This Fashion Institute of Technology Photographer Finds Art in Mathematicians’ Chalkboards
“I realized over the years that math is a very creative process,” says photographer Jessica Wynne, a tenured professor at New York City’s Fashion Institute of Technology. That realization is one of many she reached while working on her latest project: Do Not Erase, a collection of 100 photos depicting a variety of chalkboards used by mathematicians. Set to be published by Princeton University Press in the fall of 2020, the endeavor took Wynne all around the globe for a year and a half.
The book’s origin story begins both in India and Cape Cod, Massachusetts. During a study abroad trip in northern India two years ago, Wynne led her students to a local school to take photos of the children attending. Venturing up to the building’s rooftop, she noticed a series of blackboards all along the perimeter. “They were filled with [what] looked to me like hieroglyphics,” she recalls. The scenario resonated with the photographer, who was already toying with the idea of working on something related to math, a field she became familiar with over the years after befriending her mathematician neighbors in Cape Cod, where she has a summer home.
Upon her return from India, Wynne consulted said neighbors about potentially photographing the chalkboards of mathematicians from all over the world, a scenario similar to what had piqued her interest back in Asia. Her friends made the introductions.
“These people are artists and I wanted to figure out a way to show what was going on in their minds,” Wynne says. “I thought that the blackboard was a really great way to express visually, in a beautiful way, [the power] of their work.” Although mostly focusing on the chalkboards, some of Wynne’s photos include cultural signifiers: in Brazil, she shot in front of a forest. In France, French writing made its way into the shot.
In addition to striking imagery, the photographer’s intention, according to Wynne, is to “open people’s eyes to the creative side of math. There’s just this whole secret world that not many people are aware of or see.”
To do so, Wynne opted to take each photo straight-on, solely using natural light. “I’m blowing them up fairly large,” she explains. “So you almost get the experience like you’re looking straight on to a blackboard.” Each image will be accompanied by a few lines written by the mathematicians themselves: quotes about their relationship to the board, their decision to pursue the field of study or about creativity in general. “I wanted to give context to the work,” Wynne continues. “Because there’s a very limited number of people in the world that understand what’s on these chalkboards. It’s a very insular community [and] I didn’t want to just aestheticize the [slate].”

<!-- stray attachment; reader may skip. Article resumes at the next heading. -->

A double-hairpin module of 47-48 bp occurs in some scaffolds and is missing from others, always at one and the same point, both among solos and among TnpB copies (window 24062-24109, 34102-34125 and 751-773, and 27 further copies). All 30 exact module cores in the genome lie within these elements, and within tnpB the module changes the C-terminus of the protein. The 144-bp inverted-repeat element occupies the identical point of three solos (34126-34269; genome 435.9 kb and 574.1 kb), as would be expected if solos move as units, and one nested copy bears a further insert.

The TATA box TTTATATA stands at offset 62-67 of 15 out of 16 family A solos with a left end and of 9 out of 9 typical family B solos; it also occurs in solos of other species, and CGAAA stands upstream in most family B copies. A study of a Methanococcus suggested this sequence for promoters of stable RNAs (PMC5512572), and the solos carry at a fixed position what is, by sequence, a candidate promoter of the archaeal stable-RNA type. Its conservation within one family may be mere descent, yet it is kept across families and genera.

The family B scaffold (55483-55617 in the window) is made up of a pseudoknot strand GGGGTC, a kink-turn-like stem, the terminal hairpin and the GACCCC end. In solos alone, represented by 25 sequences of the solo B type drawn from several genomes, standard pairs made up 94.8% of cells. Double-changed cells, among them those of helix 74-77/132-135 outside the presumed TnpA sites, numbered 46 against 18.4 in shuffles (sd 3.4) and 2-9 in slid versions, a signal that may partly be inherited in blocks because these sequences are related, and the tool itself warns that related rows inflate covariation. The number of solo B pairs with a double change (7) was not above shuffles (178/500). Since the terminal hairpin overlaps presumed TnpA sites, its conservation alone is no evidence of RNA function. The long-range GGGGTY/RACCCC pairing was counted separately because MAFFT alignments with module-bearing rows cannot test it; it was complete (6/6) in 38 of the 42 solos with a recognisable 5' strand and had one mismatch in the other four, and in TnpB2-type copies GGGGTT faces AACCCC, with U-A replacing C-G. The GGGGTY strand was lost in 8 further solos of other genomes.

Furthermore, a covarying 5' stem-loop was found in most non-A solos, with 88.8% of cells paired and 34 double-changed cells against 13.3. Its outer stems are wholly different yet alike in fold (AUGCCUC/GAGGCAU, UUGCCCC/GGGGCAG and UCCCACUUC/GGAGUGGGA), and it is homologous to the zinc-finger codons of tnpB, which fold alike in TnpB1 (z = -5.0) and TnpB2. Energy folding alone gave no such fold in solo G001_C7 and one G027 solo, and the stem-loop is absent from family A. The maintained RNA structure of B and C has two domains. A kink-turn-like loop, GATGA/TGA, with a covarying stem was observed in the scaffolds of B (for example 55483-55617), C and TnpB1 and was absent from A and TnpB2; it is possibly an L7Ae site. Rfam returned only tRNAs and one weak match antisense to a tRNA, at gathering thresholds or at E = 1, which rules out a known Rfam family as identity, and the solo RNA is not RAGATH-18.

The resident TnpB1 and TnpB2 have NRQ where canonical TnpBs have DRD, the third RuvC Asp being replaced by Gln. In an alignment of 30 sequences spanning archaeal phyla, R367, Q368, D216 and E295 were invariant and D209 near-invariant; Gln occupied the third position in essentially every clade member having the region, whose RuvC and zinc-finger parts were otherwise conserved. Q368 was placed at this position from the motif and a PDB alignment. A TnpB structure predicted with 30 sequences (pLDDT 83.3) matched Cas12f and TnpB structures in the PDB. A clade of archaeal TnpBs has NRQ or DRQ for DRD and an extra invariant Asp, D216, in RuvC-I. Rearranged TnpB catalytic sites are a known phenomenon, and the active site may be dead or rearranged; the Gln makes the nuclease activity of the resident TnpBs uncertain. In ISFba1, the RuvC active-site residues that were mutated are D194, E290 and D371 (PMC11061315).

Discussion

Why chalkboards, though? Would pictures of the mathematicians’ notebooks have the same effect? “In a way, the board is their instrument,” she explains. “It’s how they work out problems. [Just how] a painter might do it through their canvas and a musician through an instrument.”
But not all boards are created equal: Wynne expresses a greater interest in older ones and has restricted herself to chalkboards as both an aesthetic preference and an idealistic one: “I’m interested in the idea that a chalkboard has been around for hundreds of years and there’s a timelessness to the analogue technology”.
Shooting at MIT, New York University, Harvard, and Columbia—as well as research facilities and universities all over Asia and Europe—Wynne notes that the subjects fall within a large age bracket (between the ages of 25 and 85), a surprising detail to a public that likely associates the field with an older demographic.
Also on age, Wynne weighs in on the state of the photography industry, a business that has drastically changed since her years as a freelance magazine photographer. “When everything went digital, I felt a real sense of loss because I shot with a large format, 4×5 camera with film,” she says. She mentions the physicality of working with a stick camera and the sense of mystery involved in dropping off a film roll and not knowing what a photo will look like until pick-up time as losses to the all-things-digital era.
While teaching, she confesses to focusing less on the technical and more on the emotional and artistic sides of photography, aspects that have remained largely unchanged through the years. “What are you really trying to do with your work and what are you discovering in the world and what interests you?” she says are questions that she prods her students to explore.
Although she is enthusiastic about the wide-spread access to cameras in a world where virtually everybody with a phone can call himself a photographer (“it democratizes the medium!”), Wynne finds social media to be a double-edged sword. On the one hand, she thinks of it as a great marketing tool used by her students to publicize their work. But, Wynne also says, “creating your identity through external validation could be a bit damaging.” Raising a daughter in the digital age is what seems to have shaped her beliefs about the subject: “Sometimes, I realize that she experiences things through her phone and I’m just like, ‘Let’s put our cameras away, and just experience the thing instead of shooting [the thing] to post it on Instagram.’”
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